1. How do the competitive response and the importance of competition vary between species and along a flooding gradient? 2. How does the role of competition in constraining species distribution limits along the gradient vary between lower and upper limits?Location:
A 1-ha meadow within the Alzette floodplain in Luxembourg.Methods:
Competitive response and importance of competition were assessed on seven meadow species differing in their tolerance to flooding. Species were cultured in monocultures and in mixtures, in three water treatments reflecting the wet, the middle and the dry end of a natural flooding gradient. We developed two models based on a multiple regression in order to express each component of competition as a function of the neighbour biomass.Results:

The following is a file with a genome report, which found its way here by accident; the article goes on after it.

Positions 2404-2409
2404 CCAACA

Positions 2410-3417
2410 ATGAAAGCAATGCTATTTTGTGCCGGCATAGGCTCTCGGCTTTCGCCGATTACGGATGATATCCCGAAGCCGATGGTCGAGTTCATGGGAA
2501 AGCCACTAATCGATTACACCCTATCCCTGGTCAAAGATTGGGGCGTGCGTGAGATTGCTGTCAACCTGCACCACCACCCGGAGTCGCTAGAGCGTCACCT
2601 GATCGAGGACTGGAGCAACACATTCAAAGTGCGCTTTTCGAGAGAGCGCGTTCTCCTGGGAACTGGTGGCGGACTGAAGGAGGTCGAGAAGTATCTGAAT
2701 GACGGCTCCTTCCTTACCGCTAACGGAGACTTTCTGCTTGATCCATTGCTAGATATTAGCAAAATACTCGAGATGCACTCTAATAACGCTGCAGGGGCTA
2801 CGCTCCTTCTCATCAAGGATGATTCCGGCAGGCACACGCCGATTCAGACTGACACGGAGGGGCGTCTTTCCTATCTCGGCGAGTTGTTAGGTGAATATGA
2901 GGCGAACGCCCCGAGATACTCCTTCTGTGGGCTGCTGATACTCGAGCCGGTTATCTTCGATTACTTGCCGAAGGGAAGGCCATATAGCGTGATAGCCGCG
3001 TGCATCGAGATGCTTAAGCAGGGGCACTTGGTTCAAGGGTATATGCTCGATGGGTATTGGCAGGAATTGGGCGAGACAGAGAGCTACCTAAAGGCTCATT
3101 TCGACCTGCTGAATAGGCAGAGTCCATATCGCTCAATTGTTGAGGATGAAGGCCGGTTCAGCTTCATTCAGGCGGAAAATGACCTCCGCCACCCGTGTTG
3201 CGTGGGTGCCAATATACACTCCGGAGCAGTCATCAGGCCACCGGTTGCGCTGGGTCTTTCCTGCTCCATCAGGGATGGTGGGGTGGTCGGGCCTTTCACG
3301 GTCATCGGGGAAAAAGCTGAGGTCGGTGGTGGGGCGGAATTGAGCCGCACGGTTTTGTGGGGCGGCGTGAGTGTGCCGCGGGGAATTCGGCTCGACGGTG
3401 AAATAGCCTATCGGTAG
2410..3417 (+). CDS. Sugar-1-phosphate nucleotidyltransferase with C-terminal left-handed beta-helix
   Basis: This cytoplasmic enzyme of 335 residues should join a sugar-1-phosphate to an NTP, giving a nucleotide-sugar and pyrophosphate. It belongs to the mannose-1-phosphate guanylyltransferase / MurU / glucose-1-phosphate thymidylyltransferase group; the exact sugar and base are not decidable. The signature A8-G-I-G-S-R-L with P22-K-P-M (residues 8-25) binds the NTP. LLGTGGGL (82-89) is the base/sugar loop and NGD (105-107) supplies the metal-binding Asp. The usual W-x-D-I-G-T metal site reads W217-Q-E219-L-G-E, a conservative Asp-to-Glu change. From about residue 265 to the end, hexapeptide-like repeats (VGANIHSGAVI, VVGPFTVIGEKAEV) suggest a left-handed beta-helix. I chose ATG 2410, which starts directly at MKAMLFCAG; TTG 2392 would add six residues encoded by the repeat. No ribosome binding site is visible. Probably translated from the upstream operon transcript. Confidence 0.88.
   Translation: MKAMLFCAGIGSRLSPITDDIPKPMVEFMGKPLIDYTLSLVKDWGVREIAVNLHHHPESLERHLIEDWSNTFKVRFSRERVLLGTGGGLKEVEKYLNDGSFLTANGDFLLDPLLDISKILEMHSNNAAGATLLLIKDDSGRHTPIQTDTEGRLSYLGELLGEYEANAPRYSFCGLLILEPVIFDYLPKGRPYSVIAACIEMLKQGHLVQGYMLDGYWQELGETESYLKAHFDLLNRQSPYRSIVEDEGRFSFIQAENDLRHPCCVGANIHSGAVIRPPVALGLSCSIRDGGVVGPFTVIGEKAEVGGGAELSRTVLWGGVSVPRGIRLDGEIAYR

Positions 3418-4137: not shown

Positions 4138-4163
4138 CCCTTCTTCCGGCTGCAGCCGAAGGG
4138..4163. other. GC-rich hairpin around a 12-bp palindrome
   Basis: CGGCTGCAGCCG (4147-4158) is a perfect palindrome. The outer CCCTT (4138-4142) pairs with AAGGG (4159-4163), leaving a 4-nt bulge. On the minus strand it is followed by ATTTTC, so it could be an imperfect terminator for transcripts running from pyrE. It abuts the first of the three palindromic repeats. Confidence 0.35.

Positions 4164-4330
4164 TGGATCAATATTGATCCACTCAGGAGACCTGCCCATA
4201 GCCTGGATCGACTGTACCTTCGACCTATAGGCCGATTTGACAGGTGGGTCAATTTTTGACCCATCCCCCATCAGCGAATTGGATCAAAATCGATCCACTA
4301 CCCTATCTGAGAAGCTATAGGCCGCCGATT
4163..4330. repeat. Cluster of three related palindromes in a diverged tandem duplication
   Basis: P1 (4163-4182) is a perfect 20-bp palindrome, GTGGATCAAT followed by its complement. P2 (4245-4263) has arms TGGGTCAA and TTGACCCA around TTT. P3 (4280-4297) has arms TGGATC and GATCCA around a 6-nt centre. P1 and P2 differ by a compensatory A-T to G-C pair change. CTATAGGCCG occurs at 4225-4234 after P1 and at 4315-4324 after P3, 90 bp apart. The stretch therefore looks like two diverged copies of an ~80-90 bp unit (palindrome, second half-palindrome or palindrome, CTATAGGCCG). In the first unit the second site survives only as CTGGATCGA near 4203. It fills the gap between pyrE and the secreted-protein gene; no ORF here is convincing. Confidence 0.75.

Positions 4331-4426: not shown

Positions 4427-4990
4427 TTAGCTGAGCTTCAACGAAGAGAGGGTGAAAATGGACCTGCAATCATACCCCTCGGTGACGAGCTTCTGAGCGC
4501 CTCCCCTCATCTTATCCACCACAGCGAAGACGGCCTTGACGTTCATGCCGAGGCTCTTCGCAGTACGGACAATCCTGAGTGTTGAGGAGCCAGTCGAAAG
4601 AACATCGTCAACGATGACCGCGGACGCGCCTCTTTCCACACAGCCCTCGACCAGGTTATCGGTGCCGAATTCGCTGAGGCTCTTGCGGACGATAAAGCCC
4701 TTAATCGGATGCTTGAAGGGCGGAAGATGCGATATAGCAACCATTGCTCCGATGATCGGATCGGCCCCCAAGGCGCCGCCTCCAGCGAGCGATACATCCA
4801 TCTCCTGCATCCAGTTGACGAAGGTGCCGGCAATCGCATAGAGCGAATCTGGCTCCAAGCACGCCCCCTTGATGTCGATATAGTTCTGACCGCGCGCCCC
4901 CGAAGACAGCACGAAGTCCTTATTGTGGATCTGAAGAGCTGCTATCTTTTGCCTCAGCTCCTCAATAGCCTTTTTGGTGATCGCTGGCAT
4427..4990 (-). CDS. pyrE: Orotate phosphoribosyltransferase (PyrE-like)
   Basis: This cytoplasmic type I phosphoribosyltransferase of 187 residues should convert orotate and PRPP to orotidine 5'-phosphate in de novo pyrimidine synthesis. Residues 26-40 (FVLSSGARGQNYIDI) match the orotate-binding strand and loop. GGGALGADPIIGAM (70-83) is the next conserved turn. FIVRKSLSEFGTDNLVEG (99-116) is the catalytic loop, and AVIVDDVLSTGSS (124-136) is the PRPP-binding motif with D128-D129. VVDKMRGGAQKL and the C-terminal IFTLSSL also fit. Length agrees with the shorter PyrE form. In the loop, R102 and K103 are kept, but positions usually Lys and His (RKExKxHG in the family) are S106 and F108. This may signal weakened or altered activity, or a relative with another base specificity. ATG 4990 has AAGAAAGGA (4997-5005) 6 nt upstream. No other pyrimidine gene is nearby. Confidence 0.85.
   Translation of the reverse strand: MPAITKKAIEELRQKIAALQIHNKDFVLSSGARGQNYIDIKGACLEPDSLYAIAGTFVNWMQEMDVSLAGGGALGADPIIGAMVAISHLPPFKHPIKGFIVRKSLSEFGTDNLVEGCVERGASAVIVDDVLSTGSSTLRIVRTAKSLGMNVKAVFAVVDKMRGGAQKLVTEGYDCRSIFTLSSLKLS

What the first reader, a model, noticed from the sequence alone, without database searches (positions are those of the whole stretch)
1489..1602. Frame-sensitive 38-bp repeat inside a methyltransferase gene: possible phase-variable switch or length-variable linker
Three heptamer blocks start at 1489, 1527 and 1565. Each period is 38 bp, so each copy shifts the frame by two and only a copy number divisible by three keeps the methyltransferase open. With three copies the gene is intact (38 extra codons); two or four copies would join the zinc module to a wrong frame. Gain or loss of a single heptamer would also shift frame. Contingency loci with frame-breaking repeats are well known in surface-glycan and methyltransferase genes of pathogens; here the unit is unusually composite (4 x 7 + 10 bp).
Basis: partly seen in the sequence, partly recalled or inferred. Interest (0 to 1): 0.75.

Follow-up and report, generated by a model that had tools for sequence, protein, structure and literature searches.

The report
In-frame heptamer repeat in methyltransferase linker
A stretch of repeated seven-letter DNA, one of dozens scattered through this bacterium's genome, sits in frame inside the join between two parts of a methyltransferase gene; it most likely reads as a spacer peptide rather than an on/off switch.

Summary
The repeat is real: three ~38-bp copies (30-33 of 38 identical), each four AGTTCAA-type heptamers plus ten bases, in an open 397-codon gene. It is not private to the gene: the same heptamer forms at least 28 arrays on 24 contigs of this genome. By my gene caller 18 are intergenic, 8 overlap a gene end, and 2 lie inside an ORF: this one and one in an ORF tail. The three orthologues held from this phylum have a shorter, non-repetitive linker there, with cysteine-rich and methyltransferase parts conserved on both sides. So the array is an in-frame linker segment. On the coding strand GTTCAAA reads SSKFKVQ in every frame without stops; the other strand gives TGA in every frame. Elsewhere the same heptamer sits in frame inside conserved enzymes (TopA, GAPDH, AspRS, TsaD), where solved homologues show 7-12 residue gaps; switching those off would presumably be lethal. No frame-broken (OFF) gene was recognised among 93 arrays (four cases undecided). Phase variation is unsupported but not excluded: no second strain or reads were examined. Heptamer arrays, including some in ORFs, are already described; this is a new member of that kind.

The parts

Five species showed variations in their competitive response across water treatments; however, these species achieved either their highest or their worst competitive response in their optimal water treatment (i.e. the treatment in which the species had the highest biomass in monoculture). Competition was more important for the flood-tolerant species in the dry treatment than for the flood-intolerant species in the wet treatment.Conclusions:
1. Variations in species competitive responses along flooding gradients may be the result of either an amplified effect between competition and hydrological stresses, or a hierarchical effect of stress over competition. 2. The role of competition is more important in constraining the upper distribution limits of the flood-tolerant species than the lower limits of the flood-intolerant species along flooding gradients.